Industry insiders say China indispensable to global supply chain

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Workers work at the construction site of the 2nd Airbus Tianjin A320 Family Final Assembly Line Project in Tianjin, north China, March 31, 2024. [Photo/Xinhua]

Entrepreneurs from multinational corporations and economists reiterated that China is indispensable in terms of the global supply chain and closer cooperation is a win-win choice.

Airbus, for example, said its cooperation with Chinese companies covers the entire industrial chain, from procurement, production and installation of large components to aircraft final assembly and delivery, and the company benefited from such close ties in its business expansion.

George Xu, CEO of Airbus China, told Xinhua in an exclusive interview last month that "in the past, we had to ship all the big parts from Europe, which took 60 days. (Later,) we worked with a Chinese partner, the Aviation Industry Corporation of China, to produce the parts locally and deliver them 'door to door' to our Tianjin final assembly line."

"The locally made parts are comparable to those made in Europe in terms of both quality and costs," said Xu.

Currently, Airbus has about 200 suppliers in China, and components produced by Chinese companies are found on all Airbus commercial jetliner types.

Thanks to strong local suppliers and a stable regulatory environment, the building of the second line of the Airbus A320 Family Final Assembly Line Asia (FALA) in north China's major industrial port city of Tianjin is in full swing.

Juan Tubio, general manager of FALA, told Xinhua that "(there is) a very stable regulatory environment around us, the Tianjin Free Trade Zone umbrella is helping us to work in a very close collaboration and discussion with the Tianjin Port and the Tianjin Customs."

"We are now building the second assembly line that will be entering into service in late 2025, and in theory, doubling our capacity in Tianjin," he said.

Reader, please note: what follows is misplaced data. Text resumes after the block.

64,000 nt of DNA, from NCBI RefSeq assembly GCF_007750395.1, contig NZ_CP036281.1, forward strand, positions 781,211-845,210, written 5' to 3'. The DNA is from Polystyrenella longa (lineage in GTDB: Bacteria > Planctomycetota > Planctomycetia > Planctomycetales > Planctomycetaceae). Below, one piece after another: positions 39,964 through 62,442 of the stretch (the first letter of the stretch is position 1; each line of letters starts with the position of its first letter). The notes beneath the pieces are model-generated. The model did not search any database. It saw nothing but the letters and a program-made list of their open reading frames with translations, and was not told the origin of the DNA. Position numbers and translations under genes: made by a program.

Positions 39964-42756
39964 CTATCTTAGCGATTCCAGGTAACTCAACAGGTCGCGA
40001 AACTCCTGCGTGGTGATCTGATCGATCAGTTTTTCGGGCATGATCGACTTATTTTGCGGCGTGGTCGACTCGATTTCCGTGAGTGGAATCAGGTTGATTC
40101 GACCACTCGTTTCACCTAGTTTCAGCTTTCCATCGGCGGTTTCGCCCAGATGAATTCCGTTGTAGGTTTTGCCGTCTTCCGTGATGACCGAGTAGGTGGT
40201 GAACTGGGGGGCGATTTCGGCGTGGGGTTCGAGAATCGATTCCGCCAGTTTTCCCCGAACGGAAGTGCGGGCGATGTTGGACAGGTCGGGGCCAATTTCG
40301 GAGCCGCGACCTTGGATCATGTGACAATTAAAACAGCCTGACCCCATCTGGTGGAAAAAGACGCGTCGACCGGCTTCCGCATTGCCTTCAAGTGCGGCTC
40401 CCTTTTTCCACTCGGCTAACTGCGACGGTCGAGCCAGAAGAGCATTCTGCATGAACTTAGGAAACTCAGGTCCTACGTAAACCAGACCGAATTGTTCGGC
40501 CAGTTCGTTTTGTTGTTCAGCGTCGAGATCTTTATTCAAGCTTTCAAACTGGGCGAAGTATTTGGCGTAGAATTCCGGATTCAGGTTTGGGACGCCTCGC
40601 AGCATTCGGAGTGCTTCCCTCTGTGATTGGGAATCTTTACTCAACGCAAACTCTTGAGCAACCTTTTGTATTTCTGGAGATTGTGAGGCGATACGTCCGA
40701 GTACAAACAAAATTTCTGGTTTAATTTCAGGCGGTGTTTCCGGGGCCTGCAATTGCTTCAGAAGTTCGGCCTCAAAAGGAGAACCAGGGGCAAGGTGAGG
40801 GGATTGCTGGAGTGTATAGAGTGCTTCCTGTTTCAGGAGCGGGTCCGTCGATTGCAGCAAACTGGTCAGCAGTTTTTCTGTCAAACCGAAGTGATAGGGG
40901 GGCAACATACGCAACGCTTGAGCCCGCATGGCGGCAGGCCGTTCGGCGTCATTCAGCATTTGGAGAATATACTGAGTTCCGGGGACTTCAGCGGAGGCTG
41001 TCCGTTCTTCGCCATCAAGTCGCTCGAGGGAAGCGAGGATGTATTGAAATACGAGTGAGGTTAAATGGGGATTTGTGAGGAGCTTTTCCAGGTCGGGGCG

Apple CEO Tim Cook has also reiterated the company's long-term commitment to the Chinese market during his visit to Shanghai last month.

"There's no supply chain in the world that's more critical to us than China," Cook said, noting that Apple will strengthen its long-term cooperation with its Chinese supply chain partners and work closely with them on green and smart manufacturing to achieve win-win results.

Data shows that 151 of Apple's 200 major suppliers have production activities in China.

Earlier in March, Apple announced that it would expand its applied research lab in Shanghai and establish a new lab in Shenzhen later this year. And a new flagship Apple store opened on March 21 in Shanghai.

To boost global supply chain cooperation, China will hold the second China International Supply Chain Expo (CISCE) in November this year after the first CISCE was successfully held in Beijing last year.

Ren Hongbin, head of the China Council for the Promotion of International Trade, said that an exhibition area for advanced manufacturing would be added to the second CISCE.

The new exhibition area will focus on new quality productive forces from perspectives including front-end research and development and design, application of new materials, processing of key components and smart manufacturing, said Ren.

Besides the new exhibition area, the second CISCE will also have exhibition booths categorized into various sections, including clean energy, smart vehicles, digital technology, healthy lifestyles, green agriculture and services for supply chains.

"Today, China is indispensable for the world. It is impossible to isolate China, although there are such attempts," Kresimir Macan, a Croatian political and economic expert, said in a recent interview with Xinhua.

"The attempts of decoupling or de-risking from China will eventually backfire on those who impose them," said Macan.

China remains a crucial trading partner for most countries worldwide despite so-called decoupling from China, according to the Asian Development Bank (ADB).

"China's still probably the number one trading partner for the majority of countries in the world," ADB Chief Economist Albert Park was quoted by CNBC as saying. "The story of China being delinked from the global economy, I think those are probably generally very overdone or very partial."

China's gross domestic product (GDP) grew 5.2 percent year on year to a new high of 126.06 trillion yuan (about 17.7 trillion U.S. dollars) last year, and the country seeks to achieve a GDP growth rate of around 5 percent this year.

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